Quick: hum two bars from Englebert’s song at Eurovision. Ok, one bar? One note? Englebert! The guy who performed first during the final. No. He didn’t sing “Forgettable.” He sang “Love Will Set You Free.”

Despite what plenty of Brits will tell you, the U.K. did not lose because of bloc voting. It did not lose because everyone hates Britons (they don’t). It did not lose because Engelbert went first (even if he had sung last the song would have been forgotten by the time voting opened). Britain lost because Engelbert’s song was uninspired and his staging mediocre. It was the perfect performance for a nightclub: pleasant enough, but not sufficiently interesting to grab your attention.

Britain, which finished 25th, ahead of only Norway, did as well as it did because Tooji’s entry was equally forgettable and Ireland threw the U.K. a bunch of points, either because of their cultural affinity, or because young viewers had fallen asleep and everyone over 70 voted for the one name they recognized.

WATCH:

But the blame does not rest with the Hump himself. He was set up to fail. The blame rests with the BBC, which fields Britain’s contestant every year. With the glaring exception of Jade Ewen, who viewers chose in a national selection and who went on to place fifth in 2009, the bigwigs in London seem determined to lose—and to lose spectacularly. It’s either has-beens or never-weres, with both of them singing generic, uninspired pop. (Hello, Josh Dubovie!) I doubt that even the Beatles in their prime could have won with the turkeys the U.K.’s performers have been saddled with.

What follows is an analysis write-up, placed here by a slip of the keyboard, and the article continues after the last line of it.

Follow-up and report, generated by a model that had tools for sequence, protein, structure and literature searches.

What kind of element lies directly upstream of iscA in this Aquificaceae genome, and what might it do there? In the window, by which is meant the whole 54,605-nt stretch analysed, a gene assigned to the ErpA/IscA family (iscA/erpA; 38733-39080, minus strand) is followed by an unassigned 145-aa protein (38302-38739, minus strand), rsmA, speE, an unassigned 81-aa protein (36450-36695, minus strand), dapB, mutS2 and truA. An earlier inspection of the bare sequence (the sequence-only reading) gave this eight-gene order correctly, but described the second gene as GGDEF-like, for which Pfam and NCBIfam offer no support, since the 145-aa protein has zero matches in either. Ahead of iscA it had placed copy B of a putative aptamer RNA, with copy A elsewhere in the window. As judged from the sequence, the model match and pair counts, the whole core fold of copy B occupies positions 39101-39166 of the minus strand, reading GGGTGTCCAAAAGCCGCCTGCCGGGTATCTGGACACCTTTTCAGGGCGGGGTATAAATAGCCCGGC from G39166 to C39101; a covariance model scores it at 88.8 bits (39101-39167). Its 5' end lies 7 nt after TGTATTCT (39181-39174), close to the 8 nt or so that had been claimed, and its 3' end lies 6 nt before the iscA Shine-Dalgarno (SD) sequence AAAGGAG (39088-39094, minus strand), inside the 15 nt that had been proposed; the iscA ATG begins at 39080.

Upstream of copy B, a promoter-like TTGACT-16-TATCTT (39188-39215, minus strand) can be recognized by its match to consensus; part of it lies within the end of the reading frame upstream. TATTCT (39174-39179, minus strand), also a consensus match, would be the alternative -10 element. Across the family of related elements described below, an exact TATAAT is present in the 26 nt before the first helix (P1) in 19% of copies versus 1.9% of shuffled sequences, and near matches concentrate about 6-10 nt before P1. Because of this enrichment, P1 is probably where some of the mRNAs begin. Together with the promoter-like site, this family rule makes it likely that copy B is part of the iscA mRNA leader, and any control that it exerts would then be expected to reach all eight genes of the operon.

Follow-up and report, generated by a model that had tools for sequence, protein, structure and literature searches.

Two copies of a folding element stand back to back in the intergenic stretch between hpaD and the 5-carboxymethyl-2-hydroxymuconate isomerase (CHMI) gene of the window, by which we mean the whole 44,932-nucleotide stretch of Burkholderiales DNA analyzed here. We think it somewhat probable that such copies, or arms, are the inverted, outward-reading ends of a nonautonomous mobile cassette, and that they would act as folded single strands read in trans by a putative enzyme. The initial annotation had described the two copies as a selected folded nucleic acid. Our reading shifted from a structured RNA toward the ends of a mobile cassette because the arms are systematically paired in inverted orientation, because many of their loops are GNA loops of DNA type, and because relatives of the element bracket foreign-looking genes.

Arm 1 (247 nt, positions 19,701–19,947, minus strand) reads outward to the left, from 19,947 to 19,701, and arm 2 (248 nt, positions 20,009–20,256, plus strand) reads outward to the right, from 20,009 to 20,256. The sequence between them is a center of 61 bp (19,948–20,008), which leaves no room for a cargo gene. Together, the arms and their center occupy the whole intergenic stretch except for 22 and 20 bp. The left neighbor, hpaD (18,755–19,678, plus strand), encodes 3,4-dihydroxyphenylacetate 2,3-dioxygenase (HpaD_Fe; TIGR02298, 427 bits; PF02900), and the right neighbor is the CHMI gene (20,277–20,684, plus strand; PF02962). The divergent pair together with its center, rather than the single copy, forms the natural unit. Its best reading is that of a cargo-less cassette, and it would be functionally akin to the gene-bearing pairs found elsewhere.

Why lousy songs and sub-par performers? I think it’s because Britain is scared to truly compete. What if Britain gets serious about Eurovision, puts everything they have into finding the best act in the country, and they still finish in the cellar? Then no matter how much you can point to British dominance of commercial pop, the U.K. will be held up to be a loser musically. Better to put up acts you know will lose so you can use that as a defense.

Until Britain is willing to put their ass on the line and create a system like Sweden’s to produce an entry that is compelling, they will remain a joke. The question will remain one of whether they will be last or just a couple of spots above last. Meanwhile all the articles about “Eurovision is a joke, who cares”, followed by “how dare they not rank us first, don’t they know we dominate pop”, just make Britain look pathetic. The U.K. starts to look like America does when it loses something it expected to win – and that’s not a pretty sight.

Oh, and Simon Cowell is not your savior – he’ll deliver an act that can sell records, but not win Eurovision. Those are two very different things.

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Anthony
Anthony
8 years ago

I think the main reason Engelbert Humperdinck only managed 25th is mainly the way the entry is promoted. Winner Loreen has spent MONTHS promoting “Euphoria” and was already a number 1 hit across several countries in Europe before the Eurovision Song Contest has even started. Whereas Engelbert’s entry “Love Will Set You Free” has struggled to even make it anywhere near the U.K. top 40 chart. The only proper promotion he’s done is a few British TV appearances performing the song. This is simply unacceptable and the U.K. have already shot themselves in the foot for doing this. It’s the… Read more »